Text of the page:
Last will and Testament

What is the Last Will and Testament?

A last will and testament or just simply a will is a legal document done by the person to communicate the person’s final wishes pertaining to assets and dependents.

In the Last Will and Testament, the individual outlines what is to be done to his or her possessions upon his demise. It outlines whether the deceased will Bequeath them to another person, a group or donate them to charity, and what happens to other things that they are responsible for, such as custody of dependents and management of accounts and financial interests.

A will is a legal declaration by a person, of his wishes or intentions regarding the disposition of his property after his death. It is must be made and signed in accordance with the law. A will includes any attachments to the will, explaining or altering any part of the will. Such attachments are known as codicils and have to be signed.

A will can either be oral or written. An oral will is only valid if it is made before two witnesses and if it is made three months prior to the testator’s death

Why write a will

A will provides certainty to the surviving members of the deceased’s family, by distributing the property of the deceased according to his wishes. It prevents or minimizes family disputes that are likely to arise during the division of property. A will can be used to distribute real property including land as well as movable property such as money, shares in a company, intellectual property and personal effects.

Who can write a will

Any person, male or female, writing a will has to have testamentary capacity. A person who has attained the age of 18 and who is of sound mind can write a will. A will written under coercion or a threat of violence is void since a person writing a will ought to exercise free will.

Contents of a will

Testators name and declaration

A testator is a person making the will. A testator has to make an unequivocal declaration that that is his last will and testament. This is owing to the fact that the latest valid will often invalidate the previous one. This is to say that if X wrote one valid will yesterday and another valid will tomorrow, the new valid will overwrite the previous one. However, an oral will does not cancel a written will.

Gifts/ bequests

Any property disposed of in a will is known as a gift. A will has to name a gift and the recipient of the gift. This section of the will could also include any conditions that are to be met by the person receiving the gift. A testator can only gift away property that belongs to him.

Name of an executor

An executor is a person named by the will, who takes charge of the distribution of the assets of the deceased. This is not a mandatory provision in a will. Where an executor is not named, any persons wishing to administer the estate of the deceased have to apply to a court to be named as administrators.


A will has to be signed by the testator or by some other person in the presence and by the direction of the testator. The signature or mark of the testator or the signature of the person signing for himhas to appear intentional, in order for it to give effect to the document as a will.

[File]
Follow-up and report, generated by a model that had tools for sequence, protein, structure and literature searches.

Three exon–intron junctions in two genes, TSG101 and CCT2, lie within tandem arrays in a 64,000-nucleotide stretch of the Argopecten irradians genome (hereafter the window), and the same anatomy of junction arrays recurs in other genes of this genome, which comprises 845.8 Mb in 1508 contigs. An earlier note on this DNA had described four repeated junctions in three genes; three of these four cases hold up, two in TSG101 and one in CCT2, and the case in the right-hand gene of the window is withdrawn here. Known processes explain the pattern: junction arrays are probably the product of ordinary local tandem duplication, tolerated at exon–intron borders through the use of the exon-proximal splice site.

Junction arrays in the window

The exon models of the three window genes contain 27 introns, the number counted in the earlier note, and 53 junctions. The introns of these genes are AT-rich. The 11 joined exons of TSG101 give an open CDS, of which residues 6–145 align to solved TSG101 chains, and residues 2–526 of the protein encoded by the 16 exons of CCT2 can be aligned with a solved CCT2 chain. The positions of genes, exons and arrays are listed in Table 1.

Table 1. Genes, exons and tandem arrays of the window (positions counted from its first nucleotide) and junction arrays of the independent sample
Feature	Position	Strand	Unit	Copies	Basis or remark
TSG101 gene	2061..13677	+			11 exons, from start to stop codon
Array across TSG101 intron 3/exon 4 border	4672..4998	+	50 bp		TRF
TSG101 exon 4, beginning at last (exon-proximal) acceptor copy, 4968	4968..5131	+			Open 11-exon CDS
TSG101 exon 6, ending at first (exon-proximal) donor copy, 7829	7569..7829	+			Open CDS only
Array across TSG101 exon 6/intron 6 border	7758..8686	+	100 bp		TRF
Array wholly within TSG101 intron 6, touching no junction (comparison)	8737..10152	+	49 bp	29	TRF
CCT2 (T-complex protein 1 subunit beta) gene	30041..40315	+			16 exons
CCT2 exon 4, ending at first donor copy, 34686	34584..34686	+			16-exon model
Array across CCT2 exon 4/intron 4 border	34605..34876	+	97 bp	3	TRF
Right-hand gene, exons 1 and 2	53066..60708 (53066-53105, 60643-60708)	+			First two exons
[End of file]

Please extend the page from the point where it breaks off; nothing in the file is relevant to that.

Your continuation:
A will must be signed by two or more competent witnesses. Both witnesses must see the testator sign or the person assigned by the testator sign, or an acknowledgement by the testator that the signature or mark by another person was made at his direction. Each of the witnesses must sign the will in the presence of the testator.


Additional ProvisionsAlthough not mandatory, a will could also contain the following provisions:

  • Appointment of an executor/ personal representative;
  • Appointment of guardians for the testator’s minor
  • children;
  • Appointment of trustees to administer any trusts set up by
  • the will;
  • Directions for payment of taxes and other liabilities of the
  • testator;
  • Directions on how the testator’s body should be disposed of.

However, these directions are not compulsory and may be disregarded since there’s no property in a dead body.

The invalidity of Parts of the will.

The invalidity of certain parts of the will may not invalidate the entire will. For instance, if the testator gave out property that does not belong to him, then such a gift cannot pass to the intended recipient. This only invalidates that specific gift but does not affect the entire will. The courts have the power to alter the contents of a will under certain circumstances. For example, if the will does not make reasonable provision for a dependant, the court may order that such a dependant be provided for from the testator’s net estate.

Obtaining Grant of Probate

The authority of an executor to distribute the assets of the deceased is given by the will. An application for and grant of probate where there is a will merely reaffirm this authority.

Where the deceased died having written a will and named an executor, the executor is to apply for the grant of probate unless he refuses or declines to do so. The application for grant of probate is made by filing in the registry a petition and an affidavit in the prescribed form, the original will plus two copies of the will and an original death certificate.  If all documents are in order, the Deputy Registrar places the file before the judge. It is then advertised in the Kenya Gazette. If no objections are raised within 30 days, a letter of grant of probate is issued with a copy of the will attached. The grant is confirmed after a period of six months.

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